Just coincidentally this new story is in the same “universe” as the novelette mentioned earlier. I don’t usually do that, work on a whole string of related stories one after the other, in fact I started several other stories between the novelette and the new one.

Things have been especially busy — extra efforts required at the day job, various weekend outings including a family beach trip, and the usual real life — but I’ve been writing steadily, lots of new words, many newly-planned stories, and keeping the finished stories in submission.

Some upcoming blog plans:

1. A mini-review of Metatropolis, an interesting audiobook project (now out in good old fashioned printed paper format) by five authors working in a connected world.

2. Another discussion of the idea of rejection (from a writer’s point of view), specifically the idea of different kinds or degrees of rejection… even “good” rejection.

3. More about this upcoming Writers Weekend

4. More book & audiobook reviews, mini and otherwise

That’s all for now. I hope to be back soon, and more regularly this next month or two.

Spring Cleaning

Continuing my efforts to rejuvenate this blog, and get back to writing more about what it was originally intended to be, I’m deleting old posts that were unrelated to the “reading and writing” theme. Ironically one of the most-read posts here pertained to some sports-related controversy from last summer’s track & field world championships, but that’s not really want I want this blog to be about.

So, before I move forward, I’m going to shove a big pile of junk out to the curb where the trash guy can pick it up. Whew, that feels a lot better.

Also, I’m poking around with new blog themes, and yes I realize the blog has a “generic” banner image but I’m not going to choose a definite, permanent banner that’s really my own until I choose a specific blog theme… because the different themes all have different sized spaces for banner images.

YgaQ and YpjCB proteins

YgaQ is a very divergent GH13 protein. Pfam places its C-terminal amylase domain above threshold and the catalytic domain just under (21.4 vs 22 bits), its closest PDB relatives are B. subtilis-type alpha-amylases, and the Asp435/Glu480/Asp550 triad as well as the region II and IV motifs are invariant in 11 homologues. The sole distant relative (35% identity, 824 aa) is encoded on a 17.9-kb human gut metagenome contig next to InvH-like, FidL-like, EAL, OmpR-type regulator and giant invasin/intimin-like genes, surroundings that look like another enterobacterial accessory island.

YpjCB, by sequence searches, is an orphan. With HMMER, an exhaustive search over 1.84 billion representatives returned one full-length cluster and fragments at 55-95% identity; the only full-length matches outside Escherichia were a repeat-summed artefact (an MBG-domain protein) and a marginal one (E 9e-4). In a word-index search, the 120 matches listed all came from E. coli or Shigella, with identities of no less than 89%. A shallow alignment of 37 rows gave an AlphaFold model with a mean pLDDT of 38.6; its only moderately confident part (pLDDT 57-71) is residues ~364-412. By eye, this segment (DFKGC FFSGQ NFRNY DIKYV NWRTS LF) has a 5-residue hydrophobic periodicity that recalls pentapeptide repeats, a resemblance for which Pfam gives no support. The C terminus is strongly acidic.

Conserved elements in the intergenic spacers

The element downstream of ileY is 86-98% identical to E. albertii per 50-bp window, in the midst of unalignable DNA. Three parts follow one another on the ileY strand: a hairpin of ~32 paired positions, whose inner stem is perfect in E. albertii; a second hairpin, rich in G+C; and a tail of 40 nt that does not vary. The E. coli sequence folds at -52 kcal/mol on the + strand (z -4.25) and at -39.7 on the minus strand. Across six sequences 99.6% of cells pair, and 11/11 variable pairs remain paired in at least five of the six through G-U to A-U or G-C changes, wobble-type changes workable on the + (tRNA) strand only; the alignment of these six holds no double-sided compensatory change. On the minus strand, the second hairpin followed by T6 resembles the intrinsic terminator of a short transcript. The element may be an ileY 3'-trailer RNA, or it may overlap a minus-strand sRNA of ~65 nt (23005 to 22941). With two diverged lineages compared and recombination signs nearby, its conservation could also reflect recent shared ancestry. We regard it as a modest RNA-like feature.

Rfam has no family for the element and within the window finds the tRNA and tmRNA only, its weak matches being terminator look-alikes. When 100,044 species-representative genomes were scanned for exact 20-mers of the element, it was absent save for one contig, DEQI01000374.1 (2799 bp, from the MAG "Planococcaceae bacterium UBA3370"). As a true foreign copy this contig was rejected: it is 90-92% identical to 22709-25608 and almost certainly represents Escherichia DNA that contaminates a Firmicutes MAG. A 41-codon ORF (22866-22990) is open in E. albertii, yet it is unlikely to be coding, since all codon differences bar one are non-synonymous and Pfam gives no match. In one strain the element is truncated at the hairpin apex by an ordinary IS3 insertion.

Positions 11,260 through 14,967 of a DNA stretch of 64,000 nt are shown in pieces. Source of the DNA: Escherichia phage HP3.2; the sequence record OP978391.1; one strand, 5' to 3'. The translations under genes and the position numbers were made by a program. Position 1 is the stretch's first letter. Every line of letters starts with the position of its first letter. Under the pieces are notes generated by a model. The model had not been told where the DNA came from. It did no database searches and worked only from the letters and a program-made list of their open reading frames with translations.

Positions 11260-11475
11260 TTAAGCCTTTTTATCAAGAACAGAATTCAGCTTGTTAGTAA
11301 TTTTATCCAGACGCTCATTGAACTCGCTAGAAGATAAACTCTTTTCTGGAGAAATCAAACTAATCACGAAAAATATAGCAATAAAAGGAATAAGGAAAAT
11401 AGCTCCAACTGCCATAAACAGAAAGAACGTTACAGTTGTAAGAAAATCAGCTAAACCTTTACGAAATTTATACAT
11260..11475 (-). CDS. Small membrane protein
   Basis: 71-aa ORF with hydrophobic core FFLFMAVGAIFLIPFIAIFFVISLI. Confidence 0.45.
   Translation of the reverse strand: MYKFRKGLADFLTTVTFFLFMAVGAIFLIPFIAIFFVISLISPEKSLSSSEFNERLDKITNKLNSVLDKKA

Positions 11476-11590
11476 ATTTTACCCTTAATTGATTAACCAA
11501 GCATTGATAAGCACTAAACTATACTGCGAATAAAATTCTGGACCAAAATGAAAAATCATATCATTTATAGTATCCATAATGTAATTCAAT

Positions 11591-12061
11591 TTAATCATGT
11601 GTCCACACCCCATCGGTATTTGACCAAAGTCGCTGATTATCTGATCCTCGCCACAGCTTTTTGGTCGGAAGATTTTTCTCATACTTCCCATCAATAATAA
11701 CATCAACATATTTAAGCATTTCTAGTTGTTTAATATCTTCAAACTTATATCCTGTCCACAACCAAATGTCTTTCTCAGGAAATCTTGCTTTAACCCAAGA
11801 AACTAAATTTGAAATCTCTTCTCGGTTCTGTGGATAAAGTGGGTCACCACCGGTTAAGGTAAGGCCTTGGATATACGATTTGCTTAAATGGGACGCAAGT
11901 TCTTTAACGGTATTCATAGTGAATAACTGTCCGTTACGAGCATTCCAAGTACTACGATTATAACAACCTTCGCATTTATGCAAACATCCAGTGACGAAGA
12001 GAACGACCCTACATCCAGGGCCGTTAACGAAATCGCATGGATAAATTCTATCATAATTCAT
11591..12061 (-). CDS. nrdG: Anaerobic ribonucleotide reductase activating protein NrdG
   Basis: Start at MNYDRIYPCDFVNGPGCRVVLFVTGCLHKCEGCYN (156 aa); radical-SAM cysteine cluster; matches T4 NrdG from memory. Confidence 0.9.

Coming next… Science Fiction Academy 02!

The easiest thing in the world

Launching a new blog is the easiest thing in the world.

When you first start up a new blog, nobody knows about it but you.  Then maybe a friend or two might see it, but nobody who doesn’t already know you.  No pressure, since there’s no real “audience” yet.   By the time anybody makes their way over here to read this thing, this first blog post will likely be buried under a number of more substantial and more recent posts.

I blogged for a while before, on Myspace, and what started off a fun and very personal blog space, ended up having hundreds of followers and dozens of people leaving comments. I was blogging about 10 times per week, writing about music and my social life and fortune cookies and restaurant reviews, all kinds of stuff.  I have no idea if this blog will attract many viewers, but that’s not the important thing.

I also spend a bit of time in an online community called the Hypnos Forum, related to the ambient/electronic record label I founded over a decade ago. There are lots of cool and intelligent people there, but most of the discussion is on music and technology, and subjects related to books and words and thoughts seem not to generate much attraction. I just wanted a place to write about some things that have become increasingly important to me, especially as I’ve become more serious and dedicated about writing fiction.

It’s my plan to post here about a variety of subjects, but mostly observations about writing my own words, and reading the words of others. I’ll probably kick things off with a series of quick mini-review posts about some of the things I’ve read lately, and then start explaining more about why I’m writing this blog and what I hope to achieve with it.

So then, I’d say “thanks for reading,” but nobody’s reading yet. Like I said…  easiest thing in the world!